Recall that it is because the binary ranked order filters have this stacking property that the reconstruction technique shown in FIG. 22 can be used. This reconstruction technique makes possible an efficient VLSI implementation of these filters.

A necessary and sufficient condition for a binary function to satisfy the stacking property was found by E. N. Gilbert, "Lattice-Theoretic Properties of Frontal Switching Function," Journal of Math. and Phys., Vol. 33, pp. 57-67, 1954. His interest in this property came from certain problems in digital design, but the result carries over directly to the signal processing problem. This and other properties of stackable binary functions are discussed below. It will be seen that there are a large number of these functions, and therefore a large number of stack filters.

Theorem 7:

An n-input binary function Bn will have the stacking property Bn(x1,x2, . . . ,xn)≧Bn(y1, y2, . . . ,yn) when xi ≧yi for all i if and only if Bn can be expressed as a Boolean function which contains no complements of the input variables. Gilbert called functions satisfying this property frontal functions; elsewhere they are called positive Boolean functions.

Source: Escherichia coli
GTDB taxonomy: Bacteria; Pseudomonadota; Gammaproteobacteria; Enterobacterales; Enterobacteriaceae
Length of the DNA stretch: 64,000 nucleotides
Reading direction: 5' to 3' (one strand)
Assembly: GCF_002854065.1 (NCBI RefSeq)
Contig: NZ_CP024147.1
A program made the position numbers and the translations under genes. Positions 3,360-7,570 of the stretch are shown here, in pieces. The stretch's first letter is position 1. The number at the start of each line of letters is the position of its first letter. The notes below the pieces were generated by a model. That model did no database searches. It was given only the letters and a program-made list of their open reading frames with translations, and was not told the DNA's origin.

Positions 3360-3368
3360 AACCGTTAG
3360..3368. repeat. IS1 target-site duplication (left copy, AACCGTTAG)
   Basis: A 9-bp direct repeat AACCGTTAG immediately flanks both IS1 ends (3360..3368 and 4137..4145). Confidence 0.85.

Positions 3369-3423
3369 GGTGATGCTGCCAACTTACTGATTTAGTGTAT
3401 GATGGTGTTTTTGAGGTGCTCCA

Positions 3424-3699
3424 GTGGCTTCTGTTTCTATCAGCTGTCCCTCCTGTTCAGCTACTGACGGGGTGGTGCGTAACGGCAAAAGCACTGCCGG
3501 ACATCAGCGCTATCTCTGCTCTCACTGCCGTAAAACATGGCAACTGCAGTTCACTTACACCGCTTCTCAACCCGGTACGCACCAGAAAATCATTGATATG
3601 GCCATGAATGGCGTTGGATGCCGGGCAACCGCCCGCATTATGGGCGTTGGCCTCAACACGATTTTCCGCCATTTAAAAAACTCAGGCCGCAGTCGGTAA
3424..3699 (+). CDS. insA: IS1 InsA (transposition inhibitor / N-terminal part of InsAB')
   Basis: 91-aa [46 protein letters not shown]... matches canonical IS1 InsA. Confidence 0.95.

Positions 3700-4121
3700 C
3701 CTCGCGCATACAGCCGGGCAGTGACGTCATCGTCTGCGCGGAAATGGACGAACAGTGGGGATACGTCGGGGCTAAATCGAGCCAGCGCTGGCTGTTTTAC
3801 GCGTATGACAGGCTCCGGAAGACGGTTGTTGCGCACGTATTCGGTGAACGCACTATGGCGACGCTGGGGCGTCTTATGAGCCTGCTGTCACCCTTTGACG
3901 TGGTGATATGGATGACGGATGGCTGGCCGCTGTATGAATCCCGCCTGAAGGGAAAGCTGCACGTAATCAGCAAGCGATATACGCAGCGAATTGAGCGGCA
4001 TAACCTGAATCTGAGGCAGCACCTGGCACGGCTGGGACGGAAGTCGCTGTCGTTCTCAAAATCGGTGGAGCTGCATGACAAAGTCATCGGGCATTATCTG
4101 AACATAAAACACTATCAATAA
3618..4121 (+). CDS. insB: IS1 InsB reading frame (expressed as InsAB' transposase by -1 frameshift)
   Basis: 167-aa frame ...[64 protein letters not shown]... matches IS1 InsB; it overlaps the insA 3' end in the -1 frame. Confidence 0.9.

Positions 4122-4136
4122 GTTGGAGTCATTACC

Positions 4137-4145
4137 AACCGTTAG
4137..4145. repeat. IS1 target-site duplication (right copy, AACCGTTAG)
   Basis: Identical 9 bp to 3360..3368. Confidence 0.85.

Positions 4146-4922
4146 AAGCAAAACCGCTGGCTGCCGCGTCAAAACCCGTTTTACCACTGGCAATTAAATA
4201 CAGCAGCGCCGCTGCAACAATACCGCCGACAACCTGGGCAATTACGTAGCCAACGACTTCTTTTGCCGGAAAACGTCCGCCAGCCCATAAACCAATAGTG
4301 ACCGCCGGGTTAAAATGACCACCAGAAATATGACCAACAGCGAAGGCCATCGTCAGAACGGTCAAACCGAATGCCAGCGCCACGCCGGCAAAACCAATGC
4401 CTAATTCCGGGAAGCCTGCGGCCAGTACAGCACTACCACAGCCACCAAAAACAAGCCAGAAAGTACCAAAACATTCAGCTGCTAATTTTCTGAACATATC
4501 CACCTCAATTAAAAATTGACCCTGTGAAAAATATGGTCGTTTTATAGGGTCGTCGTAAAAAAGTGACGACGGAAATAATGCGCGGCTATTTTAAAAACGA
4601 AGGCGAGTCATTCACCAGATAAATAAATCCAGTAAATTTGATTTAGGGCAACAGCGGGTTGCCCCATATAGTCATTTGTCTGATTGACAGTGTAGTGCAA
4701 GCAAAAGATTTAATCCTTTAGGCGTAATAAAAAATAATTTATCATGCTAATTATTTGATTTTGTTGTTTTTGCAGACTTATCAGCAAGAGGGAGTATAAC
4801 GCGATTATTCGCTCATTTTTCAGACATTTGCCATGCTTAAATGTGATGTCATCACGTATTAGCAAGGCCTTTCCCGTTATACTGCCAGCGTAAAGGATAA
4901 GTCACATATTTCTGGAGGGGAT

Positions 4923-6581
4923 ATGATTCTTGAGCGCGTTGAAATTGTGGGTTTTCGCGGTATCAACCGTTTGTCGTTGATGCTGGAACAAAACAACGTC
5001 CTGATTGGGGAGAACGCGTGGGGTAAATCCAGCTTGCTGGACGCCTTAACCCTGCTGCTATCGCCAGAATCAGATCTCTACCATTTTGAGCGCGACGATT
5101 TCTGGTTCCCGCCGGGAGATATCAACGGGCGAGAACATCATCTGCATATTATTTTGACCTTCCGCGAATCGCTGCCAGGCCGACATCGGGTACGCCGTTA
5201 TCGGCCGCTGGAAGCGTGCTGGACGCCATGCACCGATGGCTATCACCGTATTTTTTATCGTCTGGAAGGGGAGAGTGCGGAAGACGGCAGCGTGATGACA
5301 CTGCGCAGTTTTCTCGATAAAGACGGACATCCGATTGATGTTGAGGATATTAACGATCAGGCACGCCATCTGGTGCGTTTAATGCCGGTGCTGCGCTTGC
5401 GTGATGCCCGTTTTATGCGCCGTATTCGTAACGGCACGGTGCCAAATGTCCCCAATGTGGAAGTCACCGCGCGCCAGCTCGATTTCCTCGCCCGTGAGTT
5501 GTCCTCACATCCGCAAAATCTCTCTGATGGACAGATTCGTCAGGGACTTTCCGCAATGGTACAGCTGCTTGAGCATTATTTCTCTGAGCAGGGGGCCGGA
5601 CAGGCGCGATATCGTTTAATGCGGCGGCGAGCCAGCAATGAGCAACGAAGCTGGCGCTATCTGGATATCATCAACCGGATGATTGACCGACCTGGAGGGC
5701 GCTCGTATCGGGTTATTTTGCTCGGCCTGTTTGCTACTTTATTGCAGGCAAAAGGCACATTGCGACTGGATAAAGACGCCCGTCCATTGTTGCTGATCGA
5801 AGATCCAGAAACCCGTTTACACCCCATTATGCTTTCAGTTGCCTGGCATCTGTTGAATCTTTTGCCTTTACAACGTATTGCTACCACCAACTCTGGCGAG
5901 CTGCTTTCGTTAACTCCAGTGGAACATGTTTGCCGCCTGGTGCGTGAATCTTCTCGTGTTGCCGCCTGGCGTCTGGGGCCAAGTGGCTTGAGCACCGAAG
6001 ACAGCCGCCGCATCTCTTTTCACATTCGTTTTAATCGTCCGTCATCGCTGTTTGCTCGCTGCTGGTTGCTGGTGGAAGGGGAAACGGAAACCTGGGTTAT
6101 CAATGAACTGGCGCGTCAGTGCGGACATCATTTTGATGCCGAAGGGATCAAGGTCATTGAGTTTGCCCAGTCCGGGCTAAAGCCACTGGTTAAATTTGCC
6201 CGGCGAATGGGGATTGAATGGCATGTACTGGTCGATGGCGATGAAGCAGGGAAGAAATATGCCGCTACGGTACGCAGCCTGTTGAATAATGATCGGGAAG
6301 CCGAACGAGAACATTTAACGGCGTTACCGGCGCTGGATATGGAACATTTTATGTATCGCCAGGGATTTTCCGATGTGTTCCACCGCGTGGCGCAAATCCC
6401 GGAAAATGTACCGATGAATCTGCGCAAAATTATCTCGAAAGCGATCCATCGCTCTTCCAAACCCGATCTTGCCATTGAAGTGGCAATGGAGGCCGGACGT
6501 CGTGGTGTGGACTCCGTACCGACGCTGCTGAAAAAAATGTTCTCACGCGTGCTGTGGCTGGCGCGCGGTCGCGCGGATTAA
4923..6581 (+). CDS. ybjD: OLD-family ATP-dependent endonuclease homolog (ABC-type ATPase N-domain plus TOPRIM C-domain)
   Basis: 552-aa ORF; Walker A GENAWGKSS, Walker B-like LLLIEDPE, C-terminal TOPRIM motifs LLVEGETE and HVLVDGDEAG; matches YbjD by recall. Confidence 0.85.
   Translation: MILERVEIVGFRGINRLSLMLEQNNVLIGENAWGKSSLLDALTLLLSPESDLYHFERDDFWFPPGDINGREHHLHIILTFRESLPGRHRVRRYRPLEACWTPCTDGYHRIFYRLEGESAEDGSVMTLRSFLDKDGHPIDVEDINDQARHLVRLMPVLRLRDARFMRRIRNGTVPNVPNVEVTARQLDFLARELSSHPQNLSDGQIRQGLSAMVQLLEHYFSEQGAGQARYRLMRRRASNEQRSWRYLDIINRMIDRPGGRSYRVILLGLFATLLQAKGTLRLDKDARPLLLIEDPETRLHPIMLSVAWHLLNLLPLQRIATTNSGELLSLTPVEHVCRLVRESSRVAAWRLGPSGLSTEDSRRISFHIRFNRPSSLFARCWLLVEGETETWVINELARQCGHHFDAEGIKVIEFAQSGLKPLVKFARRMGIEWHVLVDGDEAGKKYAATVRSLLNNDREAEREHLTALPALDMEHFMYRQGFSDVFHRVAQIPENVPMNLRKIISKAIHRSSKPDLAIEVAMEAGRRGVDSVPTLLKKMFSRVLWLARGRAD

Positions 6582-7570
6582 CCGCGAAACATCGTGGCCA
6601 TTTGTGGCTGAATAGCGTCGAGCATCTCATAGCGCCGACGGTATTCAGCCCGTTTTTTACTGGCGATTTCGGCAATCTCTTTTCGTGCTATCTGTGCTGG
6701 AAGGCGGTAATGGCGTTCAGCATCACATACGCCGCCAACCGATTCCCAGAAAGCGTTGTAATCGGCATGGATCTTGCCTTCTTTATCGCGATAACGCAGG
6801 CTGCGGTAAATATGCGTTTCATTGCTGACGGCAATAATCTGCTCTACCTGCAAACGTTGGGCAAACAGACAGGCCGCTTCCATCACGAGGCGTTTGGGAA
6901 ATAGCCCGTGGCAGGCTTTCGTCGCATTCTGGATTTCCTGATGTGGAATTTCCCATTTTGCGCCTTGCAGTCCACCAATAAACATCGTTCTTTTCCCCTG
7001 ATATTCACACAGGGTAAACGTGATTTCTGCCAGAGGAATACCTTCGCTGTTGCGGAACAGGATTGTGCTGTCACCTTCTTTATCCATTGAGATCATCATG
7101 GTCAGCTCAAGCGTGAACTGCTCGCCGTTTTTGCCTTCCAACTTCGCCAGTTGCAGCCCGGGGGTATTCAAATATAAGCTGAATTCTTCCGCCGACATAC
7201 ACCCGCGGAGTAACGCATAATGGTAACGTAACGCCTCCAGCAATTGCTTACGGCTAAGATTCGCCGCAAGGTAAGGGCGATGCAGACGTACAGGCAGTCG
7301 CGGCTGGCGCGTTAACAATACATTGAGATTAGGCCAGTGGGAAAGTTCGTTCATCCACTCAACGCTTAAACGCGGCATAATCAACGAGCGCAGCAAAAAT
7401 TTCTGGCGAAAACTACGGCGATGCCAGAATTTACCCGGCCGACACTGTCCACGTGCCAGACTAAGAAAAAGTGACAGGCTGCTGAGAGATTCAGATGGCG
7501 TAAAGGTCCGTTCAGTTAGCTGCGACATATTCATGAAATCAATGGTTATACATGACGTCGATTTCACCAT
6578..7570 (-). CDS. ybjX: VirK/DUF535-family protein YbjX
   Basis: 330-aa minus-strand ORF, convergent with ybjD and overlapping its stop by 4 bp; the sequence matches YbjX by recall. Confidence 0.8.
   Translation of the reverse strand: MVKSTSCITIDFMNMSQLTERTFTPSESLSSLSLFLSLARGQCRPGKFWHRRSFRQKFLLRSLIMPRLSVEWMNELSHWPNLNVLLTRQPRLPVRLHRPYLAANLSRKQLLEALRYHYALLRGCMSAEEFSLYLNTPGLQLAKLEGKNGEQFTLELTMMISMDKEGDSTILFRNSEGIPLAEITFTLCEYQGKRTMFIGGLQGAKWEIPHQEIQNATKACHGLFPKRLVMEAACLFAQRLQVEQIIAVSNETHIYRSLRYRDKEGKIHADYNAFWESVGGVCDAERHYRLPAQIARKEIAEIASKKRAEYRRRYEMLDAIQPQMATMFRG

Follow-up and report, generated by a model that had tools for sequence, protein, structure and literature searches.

Applying this theorem to the operator MF3 in Equation (39). MF3 is found to have the stacking property, while the function AI3(x1,x2,x3)=x1 x2 x3 does not, since it contains complements. Thus, a stack filter with a VLSI implementation can be created from MF3 but not from AI3.

Note that the condition which guarantees stacking is not very restrictive. As a result there are many positive Boolean functions, and since each such function defines a stack filter after it is inserted in the architecture of FIG. 6, there are just as many stack filters. In fact, there are exactly 20 window width three stack filters, 7581 with window width five, and more than 235 with window width nine. The exact number of these functions for any arbitrary window width is not known at this time. What is important is that there are a lot of them.

The binary functions which stack, the positive Boolean functions, are a subset of unate functions. A unate function is any binary function that can be obtained by complementing some of the input variables of a positive Boolean function. Unate functions have the interesting property that each has a unique minimum-sum-of-products (MSP) expression. This does does not hold for all Boolean functions. Thus, each positive Boolean function, and hence each stack filter, can be expressed in terms of a unique minimum sum-of-products (MSP) Boolean expression. The unique minimum expression for the window width three median filter was provided in Equation (39).

There are two basic operations that will map one positive Boolean function to another positive function. First, if the input variables to a positive function are permuted, the new function is clearly positive. This is particularly true if the order of the variables is reversed. Second, if all the variables in a positive Boolean expression are complemented, and then the total expression is complemented, the function so defined is positive. The new function is called the dual of the original function.